As you plant and cultivate milkweed, you’ll find that there are some common problems. A healthy supply of milkweed leaves is important for both attracting monarchs and for raising them indoors.
Common milkweed leaf problems include pests (like aphids, beetles, and milkweed bugs), powdery mildew, leaf spots (fungal and bacterial), rust, and cucumber mosaic virus. Some of these are easily treated, and others require more effort. Here’s how to identify the milkweed leaf problem and fix it.
Milkweed Leaf Problems
There are certain problems that you may find when you have milkweed (Asclepias) and they are probably similar to most of the plants in your garden.
Many are caused by fungi and some are caused by bacteria. Others are from pests.
Here are the common problems you might face when growing milkweed at home.
Bugs and Insects That Harm Milkweed
Other problems are caused by milkweed pests, like insects and bugs. These pests eat leaves, seeds, and stems, and suck sap from the plant.
Some harmful insects include:
- Butterflies and moths (especially in their larvae stage)
- Leaf miner flies
- Milkweed bugs (both types)
- Milkweed aphids
- Beetles (red milkweed beetle, Japanese beetle, milkweed stem weevil)
Here’s more about common milkweed pests.
Powdery White Mildew (Foggy Mornings)
Powdery mildew is a white, powdery-like spore. Avoid feeding your monarch caterpillar leaves with mildew.
There are two causes of powdery mildew.
- It can occur when the leaves are wet for an extended period.
- It can also occur if humidity is high but dry then you can end up with powdery mildew on the leaves.
How can a climate be humid but dry? Well, if you have fog in the morning and then sunshine later in the day, it is ‘humid but dry.’
Here’s how to treat powdery white mildew in the garden.
Milkweed Leaf Spots: Fungi and Bacteria
If your leaves start to get spotted then you may have fungal leaf spots. This can be caused by a variety of fungi and usually happens when conditions are wet.
It can also be a bacterial leaf spot which is definitely a potential problem for monarchs.
This can be caused when plants are water-soaked irregularly.
A way to avoid this is by avoiding overhead watering of plants, particularly in the evening. And increase the airflow to promote drying of the milkweed leaves.
Be sure to remove all leaves that appear diseased. And don’t use them as food for your caterpillars! And pick up any milkweed leaves that have fallen off.
Rust causes the milkweed plant to end up with yellowed leaves and end up stunted in growth.
It also causes reddish-colored spots on the leaves. Remove the leaves carefully so as not to scatter the fungal spores.
Cucumber Mosaic Virus (CMV)
There is a virus called the Cucumber Mosaic Virus (CMV) that causes plant foliage to ‘crinkle up’ and also stunts plant growth.
This can attack milkweed but also mimics other types of damage (spider mite damage, for example).
Spider mites are aggressive arachnids that will harm your milkweed plant. Like the oleander aphid, they are sap-suckers that will deform your leaves.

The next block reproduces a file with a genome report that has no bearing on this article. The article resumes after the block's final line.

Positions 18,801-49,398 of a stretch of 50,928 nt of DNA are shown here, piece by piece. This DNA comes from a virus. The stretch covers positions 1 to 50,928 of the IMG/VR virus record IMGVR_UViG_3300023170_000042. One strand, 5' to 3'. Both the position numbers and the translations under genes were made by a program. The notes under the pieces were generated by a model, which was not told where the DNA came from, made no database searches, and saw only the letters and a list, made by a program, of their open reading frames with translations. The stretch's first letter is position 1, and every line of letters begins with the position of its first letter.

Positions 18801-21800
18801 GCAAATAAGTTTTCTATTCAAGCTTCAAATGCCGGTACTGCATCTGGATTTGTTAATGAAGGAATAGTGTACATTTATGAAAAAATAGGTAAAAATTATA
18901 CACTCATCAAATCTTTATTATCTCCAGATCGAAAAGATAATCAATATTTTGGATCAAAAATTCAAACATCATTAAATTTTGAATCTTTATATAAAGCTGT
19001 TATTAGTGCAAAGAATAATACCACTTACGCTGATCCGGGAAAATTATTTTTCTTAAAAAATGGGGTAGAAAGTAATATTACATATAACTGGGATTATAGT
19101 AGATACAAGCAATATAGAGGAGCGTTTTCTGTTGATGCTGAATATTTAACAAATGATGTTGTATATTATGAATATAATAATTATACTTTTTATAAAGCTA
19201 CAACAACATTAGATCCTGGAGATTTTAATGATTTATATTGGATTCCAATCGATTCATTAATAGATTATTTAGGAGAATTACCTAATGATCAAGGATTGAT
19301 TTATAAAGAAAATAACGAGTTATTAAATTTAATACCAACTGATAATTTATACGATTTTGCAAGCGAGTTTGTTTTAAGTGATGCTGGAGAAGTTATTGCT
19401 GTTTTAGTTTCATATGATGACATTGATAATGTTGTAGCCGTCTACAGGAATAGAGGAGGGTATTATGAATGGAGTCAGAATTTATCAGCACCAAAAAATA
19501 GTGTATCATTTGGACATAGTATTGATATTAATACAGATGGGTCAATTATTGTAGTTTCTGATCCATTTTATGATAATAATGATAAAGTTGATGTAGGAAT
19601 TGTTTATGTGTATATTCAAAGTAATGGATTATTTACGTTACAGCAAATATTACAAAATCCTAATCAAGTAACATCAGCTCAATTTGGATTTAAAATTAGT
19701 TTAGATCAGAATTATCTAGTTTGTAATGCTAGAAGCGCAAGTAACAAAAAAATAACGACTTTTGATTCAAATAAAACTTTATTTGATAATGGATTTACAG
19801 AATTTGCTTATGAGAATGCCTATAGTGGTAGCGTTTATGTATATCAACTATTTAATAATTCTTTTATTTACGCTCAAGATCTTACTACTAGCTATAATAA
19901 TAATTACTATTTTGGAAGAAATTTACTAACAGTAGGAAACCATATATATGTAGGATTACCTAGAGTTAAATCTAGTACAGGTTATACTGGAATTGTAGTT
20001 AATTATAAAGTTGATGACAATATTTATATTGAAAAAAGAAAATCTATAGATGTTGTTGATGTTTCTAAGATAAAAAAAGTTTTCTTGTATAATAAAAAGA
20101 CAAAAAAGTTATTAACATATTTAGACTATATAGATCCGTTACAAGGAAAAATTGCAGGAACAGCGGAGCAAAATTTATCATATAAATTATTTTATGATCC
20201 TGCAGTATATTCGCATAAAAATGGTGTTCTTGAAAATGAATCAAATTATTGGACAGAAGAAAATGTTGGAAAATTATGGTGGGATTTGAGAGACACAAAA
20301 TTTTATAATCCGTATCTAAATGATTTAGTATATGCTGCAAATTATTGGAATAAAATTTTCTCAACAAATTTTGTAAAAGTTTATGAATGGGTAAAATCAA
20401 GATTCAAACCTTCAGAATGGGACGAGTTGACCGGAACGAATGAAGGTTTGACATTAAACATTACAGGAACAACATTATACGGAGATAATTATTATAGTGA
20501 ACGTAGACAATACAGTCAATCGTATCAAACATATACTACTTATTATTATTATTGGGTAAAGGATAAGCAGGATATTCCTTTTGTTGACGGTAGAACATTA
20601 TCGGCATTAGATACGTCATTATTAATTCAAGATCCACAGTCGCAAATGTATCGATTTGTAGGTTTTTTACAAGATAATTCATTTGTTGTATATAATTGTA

If your leaves are crinkling, don’t assume that you have Cucumber Mosaic Virus.
- First, you should turn your leaves over and check for white webbing and little spots. Using a magnifying lens, inspect the spots.
- You can also tap the leaf against a white sheet of paper and if any little dark spots appear, you probably have mites!
How to Control and Prevent Spider Mites
Here’s a great tutorial by Epic Gardening about how to identify, control, and prevent spider mites in the garden.
To reduce the spider mite population, spray the undersides of the leaves with a hard spray of water, as you would to remove aphids.
Keeping the dust in the area down (spraying the area with a mist of water) can also help.
The use of pesticides or miticides is not recommended as 1) many become resistant and 2) these can harm/endanger your butterflies!
As with other leaf problems, pluck off the leaves and dispose of them. Leaves may curl and can become spotted and discolored from mite damage. Watch for a blonding of the green color.
If you notice these changes remove the leaves and throw them in an enclosed compost bin or the trash.
Be sure to wash your hands carefully before handling any butterfly eggs, larvae, or adults, and remember to only use healthy-looking foliage when feeding your caterpillars!
Feeding your larvae diseased milkweed leaves may make them sick. Remember that poor food quality will cause health problems in your butterflies.
What type of milkweed leaf problems have you faced? Have one to add? Or maybe a solution? I would love to hear from you.
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Bryan Haines is a co-founder and writer at The Buginator. And is working to make it the best resource for taking back the outdoors from biting, stinging pests.
He also blogs about travel at Storyteller.Travel and photography at GudPixel. Bryan is a partner at Storyteller Media, a publishing company he runs with his wife, Dena.